Cancer, as Dr Scott Fields explains, is not one disease, but actually many diseases lumped under one category.
“Cancer is complex because even the same cancers don’t share all the same mutations, so it is much more difficult to treat than any other medical condition,” says the Oncology Strategic Business Unit Oncology Development head of the multinational pharmaceutical company Bayer.
He was speaking to the media during a workshop on Challenges and Opportunities of Drug Development in Oncology during the first Annual Pharmaceuticals Media Day held by Bayer at their Berlin, Germany, headquarters in December 2017.
Earlier that day, his colleague, executive vice-president and Oncology Strategic Business Unit head Robert LaCaze, had spoken about the company’s cancer portfolio.
Using the example of lung cancer, LaCaze notes that in the 1990s, a patient would have likely received a combination of radiation, surgery and chemotherapy, for treatment.
Today, a lung cancer patient is more likely to first receive some sort of genetic testing to determine what type of genetic mutation is driving their cancer, and that will then determine the treatment plan.
“As you think about the investment that is needed and the time that it takes to do our research and development to get drugs to patients, you really have to be forward-looking almost a decade out.
“Today, the targeted therapies are really the mainstay of many cancer treatments, as well as the newer agents with the immuno-oncology approach,” he says.
In terms of Bayer’s focus in oncology drugs, LaCaze shares: “We’re looking for compounds that truly do make a difference for patients, that are highly differentiated.
“And our research approach has been to try to be either first in class or best in class as we bring new drugs to the marketplace.”
To this effect, the pharmaceutical company is zooming in on four specific platforms in oncology.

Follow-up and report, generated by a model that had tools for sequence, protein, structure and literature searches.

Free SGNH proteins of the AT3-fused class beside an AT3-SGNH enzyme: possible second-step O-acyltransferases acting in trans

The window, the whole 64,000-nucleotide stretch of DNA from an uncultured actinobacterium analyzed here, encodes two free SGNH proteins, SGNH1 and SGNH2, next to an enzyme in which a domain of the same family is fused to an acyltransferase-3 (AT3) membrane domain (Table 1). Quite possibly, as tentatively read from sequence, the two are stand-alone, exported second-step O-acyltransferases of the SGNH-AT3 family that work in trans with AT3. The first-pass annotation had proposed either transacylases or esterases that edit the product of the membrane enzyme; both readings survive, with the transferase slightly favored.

The first and broadest area is in oncogenic signalling.
This involves targeting the various biological pathways that drive the development and progression of cancer, for example, the survival-signalling pathway that allows cancer cells to bypass the natural process of programmed cell death and the DNA repair pathway that is often more active in cancer cells, allowing them to survive cell-killing (cytotoxic) treatments.
The aim is to identify small molecule agents that can block these pathways so that cancer cells can be more easily killed off.
Says LaCaze: “We do have a nice research collaboration with the Broad Institute (of MIT and Harvard in the United States) to develop really important therapies that we are tying a biomarker to.
“We’re trying to ensure that we can identify the patients who can actually respond to and receive the benefits of the drug.”
A biomarker is a protein that can be used to monitor the effects of a particular drug.
The next area is in antibody-drug conjugates (ADCs).
“ADCs are the platform where you actually take maybe a cytotoxic (agent) or a drug, (and) you would actually link it to some sort of a target that is important for cancer.
“And then, by doing that, you can deliver that drug directly to the cancer cell,” he explains.
By doing so, it is hoped that the side effects of the drug on healthy cells can be minimised.
Utilising a similar concept are the targeted thorium conjugates (TTCs), which is a novel platform being developed by Bayer.
“This is actually a way to deliver radiation right into the tumour,” says LaCaze.
Where in ADCs, a drug is bound to an antibody that can latch onto the cancer cell, the TTCs instead have the radioactive thorium-227 element as the passenger on the antibody.
Thorium-227 emits alpha-radiation that penetrates a layer of about two to 10 cells deep, killing those cells by breaking their DNA strands.
The last area is in immuno-oncology.
LaCaze says that their aim is not to come up with more first-generation treatments to compete with those currently already on the market, but to develop the next generation of immunotherapies for cancer.
These treatments aim to further boost or restart the body’s own immune system in its fight against the cancer cells.
“If you look at the immuno-oncology space, it has made very good progress in the last five or six years, but yet, less than 30% of patients actually receive benefit from these compounds in terms of tumour reduction.
“So that means 70% of the patients need something else.”
He adds that even for the less than 30% of patients who initially responded to the immunotherapy, around 80% of them will require another treatment within a year as the cancer would have found a way – usually via mutation – to get around the treatment.